29. Evolution

  30. Edge

  31. Fog In many IoT deployments, massive amounts of data may be generated by a distributed network of sensors Rather than store all of that data permanently (or at least for a long period) in central storage accessible to IoT applications, it is often desirable to do as much data processing close to the sensors as possible The purpose of what is sometimes referred to as the edge computing level is to convert network data flows into information that is suitable for storage and higher-level processing Processing elements at these levels may deal with high volumes of data and perform data transformation operations, resulting in the storage of much lower volumes of data The following are examples of fog computing operations:

  32. Fog • Generally fog computing devices are deployed physically near the edge of the IoT network near the sensors and other data-generating devices • Fog computing and fog services are expected to be a distinguishing characteristic of the IoT • Fog computing represents an opposite trend in modern networking from cloud computing • With cloud computing, massive, centralized storage and processing resources are made available to distributed customers over cloud networking facilities to a relatively small number of users • With fog computing, massive numbers of individual smart objects are interconnected with fog networking facilities that provide processing and storage resources close to the edge devices in an IoT • Fog computing addresses the challenges raised by the activity of thousands or millions of smart devices, including security, privacy, network capacity constraints, and latency requirements • The term fog computing is inspired by the fact that fog tends to hover low to the ground, whereas clouds are high in the sky

  33. Core • The core network, also referred to as a backbone network, connects geographically dispersed fog networks as well as providing access to other networks that are not part of the enterprise network • Typically the core network will use very high-performance routers, high-capacity transmission lines, and multiple interconnected routers for increased redundancy and capacity • The core network may also connect to high-performance, high-capacity servers such as large database servers and private cloud facilities • Some of the core routers may be purely internal, providing redundancy and additional capacity without serving as edge routers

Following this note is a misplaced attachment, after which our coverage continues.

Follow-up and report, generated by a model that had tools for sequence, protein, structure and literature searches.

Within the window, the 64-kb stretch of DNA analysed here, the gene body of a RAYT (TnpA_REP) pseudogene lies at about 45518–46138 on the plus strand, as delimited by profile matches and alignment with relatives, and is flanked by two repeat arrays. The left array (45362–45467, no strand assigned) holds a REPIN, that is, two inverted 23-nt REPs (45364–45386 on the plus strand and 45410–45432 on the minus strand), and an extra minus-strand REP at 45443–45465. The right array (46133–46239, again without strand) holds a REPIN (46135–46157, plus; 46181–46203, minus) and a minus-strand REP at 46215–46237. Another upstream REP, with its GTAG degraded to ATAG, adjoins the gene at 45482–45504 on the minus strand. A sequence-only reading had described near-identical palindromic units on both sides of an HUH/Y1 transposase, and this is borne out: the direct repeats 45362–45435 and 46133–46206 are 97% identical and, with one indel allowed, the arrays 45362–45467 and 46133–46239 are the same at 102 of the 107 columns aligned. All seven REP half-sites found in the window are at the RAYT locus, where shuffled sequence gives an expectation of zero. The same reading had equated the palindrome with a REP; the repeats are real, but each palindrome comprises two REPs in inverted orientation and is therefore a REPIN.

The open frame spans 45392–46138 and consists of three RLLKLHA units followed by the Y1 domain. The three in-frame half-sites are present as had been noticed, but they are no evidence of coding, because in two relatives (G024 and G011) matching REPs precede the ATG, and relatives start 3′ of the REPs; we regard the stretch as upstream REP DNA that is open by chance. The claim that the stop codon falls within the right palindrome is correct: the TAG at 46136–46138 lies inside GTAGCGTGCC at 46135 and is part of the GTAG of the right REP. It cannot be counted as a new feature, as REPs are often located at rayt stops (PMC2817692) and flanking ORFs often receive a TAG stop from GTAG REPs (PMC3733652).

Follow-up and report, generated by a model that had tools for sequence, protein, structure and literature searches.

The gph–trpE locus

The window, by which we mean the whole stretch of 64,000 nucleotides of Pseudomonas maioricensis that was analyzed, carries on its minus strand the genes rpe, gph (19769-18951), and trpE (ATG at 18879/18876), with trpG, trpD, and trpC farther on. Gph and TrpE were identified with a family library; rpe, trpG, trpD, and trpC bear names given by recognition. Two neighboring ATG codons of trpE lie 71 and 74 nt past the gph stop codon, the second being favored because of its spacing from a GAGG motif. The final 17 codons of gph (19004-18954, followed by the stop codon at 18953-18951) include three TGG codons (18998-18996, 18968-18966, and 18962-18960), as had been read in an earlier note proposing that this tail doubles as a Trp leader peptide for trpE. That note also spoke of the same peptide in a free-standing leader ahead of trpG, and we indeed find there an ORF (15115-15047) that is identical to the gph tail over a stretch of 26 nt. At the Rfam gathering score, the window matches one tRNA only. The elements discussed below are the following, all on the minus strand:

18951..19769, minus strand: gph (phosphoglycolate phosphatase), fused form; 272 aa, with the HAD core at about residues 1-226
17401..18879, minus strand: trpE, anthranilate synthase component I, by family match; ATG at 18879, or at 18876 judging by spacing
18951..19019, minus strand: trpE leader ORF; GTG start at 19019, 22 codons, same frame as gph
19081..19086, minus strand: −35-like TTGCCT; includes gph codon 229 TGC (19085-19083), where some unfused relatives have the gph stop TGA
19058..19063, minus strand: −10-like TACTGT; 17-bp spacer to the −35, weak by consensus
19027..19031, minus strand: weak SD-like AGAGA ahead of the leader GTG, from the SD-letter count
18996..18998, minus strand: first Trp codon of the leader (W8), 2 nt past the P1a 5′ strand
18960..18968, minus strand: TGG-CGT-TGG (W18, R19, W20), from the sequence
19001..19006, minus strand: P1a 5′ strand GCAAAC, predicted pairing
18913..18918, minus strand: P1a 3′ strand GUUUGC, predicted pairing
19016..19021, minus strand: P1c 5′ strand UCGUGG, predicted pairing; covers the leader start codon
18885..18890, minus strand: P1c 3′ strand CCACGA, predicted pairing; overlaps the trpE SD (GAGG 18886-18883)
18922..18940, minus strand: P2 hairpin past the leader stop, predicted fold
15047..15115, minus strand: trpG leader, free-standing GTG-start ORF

34. Table 13.4 Comparison of Cloud and Fog Features

  35. Patching Vulnerability

  36. IoT Security and Privacy Requirements • ITU-T Recommendation Y.2066 includes a list of security requirements for the IoT • The requirements are defined as being the functional requirements during capturing, storing, transferring, aggregating, and processing the data of things, as well as to the provision of services which involve things • The requirements are: • Communication security • Data management security • Service provision security • Integration of security policies and techniques • Mutual authentication and authorization • Security audit

  37. MiniSec • MiniSec is an open-source security module that is part of the TinyOS operating system • It is designed to be a link-level module that offers a high level of security, while simultaneously keeping energy consumption low and using very little memory • MiniSec provides confidentiality, authentication, and replay protection • MiniSec has two operating modes, one tailored for single-source communication, and another tailored for multi-source broadcast communication